Problems with Judicial Legislation
It is often criticised that the Indian Supreme Court and High Courts have not been observing the judicial restraint and is encroaching on to the domain of the other two organs of the state, the legislature and the executive.
Instances of Encroachment
- In the case of State of Tamilnadu v K. Balu, the Supreme Court banned liquor shops within 500 m of highways. This was a legislative order.
- In the case of Puttaswamy v. Union of India, the Supreme Court created a right to privacy, which is nowhere mentioned in the fundamental rights laid down in the Constitution.
- In the case of Subhash Kashinath Mahajan, the Supreme Court issued orders which were virtually the amendments to Scheduled Castes and the Scheduled Tribes (Prevention of Atrocities) Act 1989.
There are another n number of such instances like Sabarimala and LGBT cases where the Supreme Court laid down the ‘constitutional morality’ test. Other court rulings like fixing timings for bursting crackers on Deepavali, directing interlinking rivers and laying down regulations for the Board of Control for Cricket in India were clear instances of encroachment of the domain of the legislature and the executive.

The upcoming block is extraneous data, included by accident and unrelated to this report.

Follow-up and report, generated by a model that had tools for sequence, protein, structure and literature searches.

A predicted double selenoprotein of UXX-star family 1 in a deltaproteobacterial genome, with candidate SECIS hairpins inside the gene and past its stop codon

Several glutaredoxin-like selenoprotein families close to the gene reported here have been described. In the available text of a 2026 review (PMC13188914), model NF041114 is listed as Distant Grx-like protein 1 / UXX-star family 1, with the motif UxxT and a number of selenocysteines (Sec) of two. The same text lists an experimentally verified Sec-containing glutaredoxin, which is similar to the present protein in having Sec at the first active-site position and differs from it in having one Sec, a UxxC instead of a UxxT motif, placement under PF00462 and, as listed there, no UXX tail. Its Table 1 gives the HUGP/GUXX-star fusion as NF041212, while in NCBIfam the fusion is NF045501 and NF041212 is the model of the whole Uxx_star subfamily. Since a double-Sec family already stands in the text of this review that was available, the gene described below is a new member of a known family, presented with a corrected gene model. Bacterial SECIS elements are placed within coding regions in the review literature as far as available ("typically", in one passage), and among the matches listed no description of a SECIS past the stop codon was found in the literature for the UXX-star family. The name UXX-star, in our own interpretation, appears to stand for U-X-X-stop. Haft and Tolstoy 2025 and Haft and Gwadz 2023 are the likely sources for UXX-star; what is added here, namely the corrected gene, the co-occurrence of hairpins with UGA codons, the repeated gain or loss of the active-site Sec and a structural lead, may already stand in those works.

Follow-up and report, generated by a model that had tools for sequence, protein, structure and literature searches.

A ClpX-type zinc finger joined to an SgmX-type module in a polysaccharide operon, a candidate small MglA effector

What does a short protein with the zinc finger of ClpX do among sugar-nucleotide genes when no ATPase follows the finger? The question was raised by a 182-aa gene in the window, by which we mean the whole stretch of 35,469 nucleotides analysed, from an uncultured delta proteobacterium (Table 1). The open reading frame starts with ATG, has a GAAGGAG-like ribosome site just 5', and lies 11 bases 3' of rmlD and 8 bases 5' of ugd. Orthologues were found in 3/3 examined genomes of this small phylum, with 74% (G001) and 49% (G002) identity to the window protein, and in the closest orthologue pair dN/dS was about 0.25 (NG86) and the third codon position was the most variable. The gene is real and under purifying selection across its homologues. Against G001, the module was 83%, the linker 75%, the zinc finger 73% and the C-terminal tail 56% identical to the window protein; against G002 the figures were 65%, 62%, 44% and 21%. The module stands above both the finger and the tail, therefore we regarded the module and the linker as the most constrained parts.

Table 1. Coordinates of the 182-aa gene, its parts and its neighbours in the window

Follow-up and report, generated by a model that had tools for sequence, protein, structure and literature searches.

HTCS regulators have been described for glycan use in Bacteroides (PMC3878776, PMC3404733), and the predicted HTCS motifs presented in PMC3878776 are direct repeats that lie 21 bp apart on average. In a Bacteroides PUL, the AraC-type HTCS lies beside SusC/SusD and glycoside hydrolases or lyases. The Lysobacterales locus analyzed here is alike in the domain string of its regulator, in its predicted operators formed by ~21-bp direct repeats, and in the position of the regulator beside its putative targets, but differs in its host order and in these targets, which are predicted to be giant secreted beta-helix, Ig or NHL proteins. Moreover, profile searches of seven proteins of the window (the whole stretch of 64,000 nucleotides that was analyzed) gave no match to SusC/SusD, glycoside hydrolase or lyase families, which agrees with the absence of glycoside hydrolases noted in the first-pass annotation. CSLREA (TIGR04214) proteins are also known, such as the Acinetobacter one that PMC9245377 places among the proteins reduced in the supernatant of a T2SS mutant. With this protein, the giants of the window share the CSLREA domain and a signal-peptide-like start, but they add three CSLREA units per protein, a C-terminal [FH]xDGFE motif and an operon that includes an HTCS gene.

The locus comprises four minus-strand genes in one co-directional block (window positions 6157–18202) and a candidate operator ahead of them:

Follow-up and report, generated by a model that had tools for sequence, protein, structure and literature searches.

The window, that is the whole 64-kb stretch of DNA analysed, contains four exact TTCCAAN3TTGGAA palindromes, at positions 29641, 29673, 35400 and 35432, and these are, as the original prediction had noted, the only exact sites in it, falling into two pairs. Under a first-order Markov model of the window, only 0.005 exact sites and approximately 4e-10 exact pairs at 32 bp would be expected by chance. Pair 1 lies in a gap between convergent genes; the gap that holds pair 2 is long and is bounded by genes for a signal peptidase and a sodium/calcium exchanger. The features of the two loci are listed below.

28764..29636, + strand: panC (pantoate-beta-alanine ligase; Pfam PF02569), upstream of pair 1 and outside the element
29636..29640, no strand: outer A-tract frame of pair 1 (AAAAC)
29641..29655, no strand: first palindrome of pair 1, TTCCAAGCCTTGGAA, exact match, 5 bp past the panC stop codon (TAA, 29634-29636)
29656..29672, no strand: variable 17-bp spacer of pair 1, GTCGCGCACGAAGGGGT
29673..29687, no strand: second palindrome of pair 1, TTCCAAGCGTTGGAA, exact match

Why the restraint is necessary?
Judicial activism requires reconsideration because
- It entails unpredictability in the law apart from violating the principle of separation of powers.
- It entitles each judge to lay down the law according to his own subjective notions.
Hence the courts should be restrained and follow positivist jurisprudence, which advocates judicial restraint, wherein the centre of gravity of the legal system is statutory law, rather than sociological jurisprudence, which advocates judicial activism and shifts the centre of gravity in the legal system to judge-made law.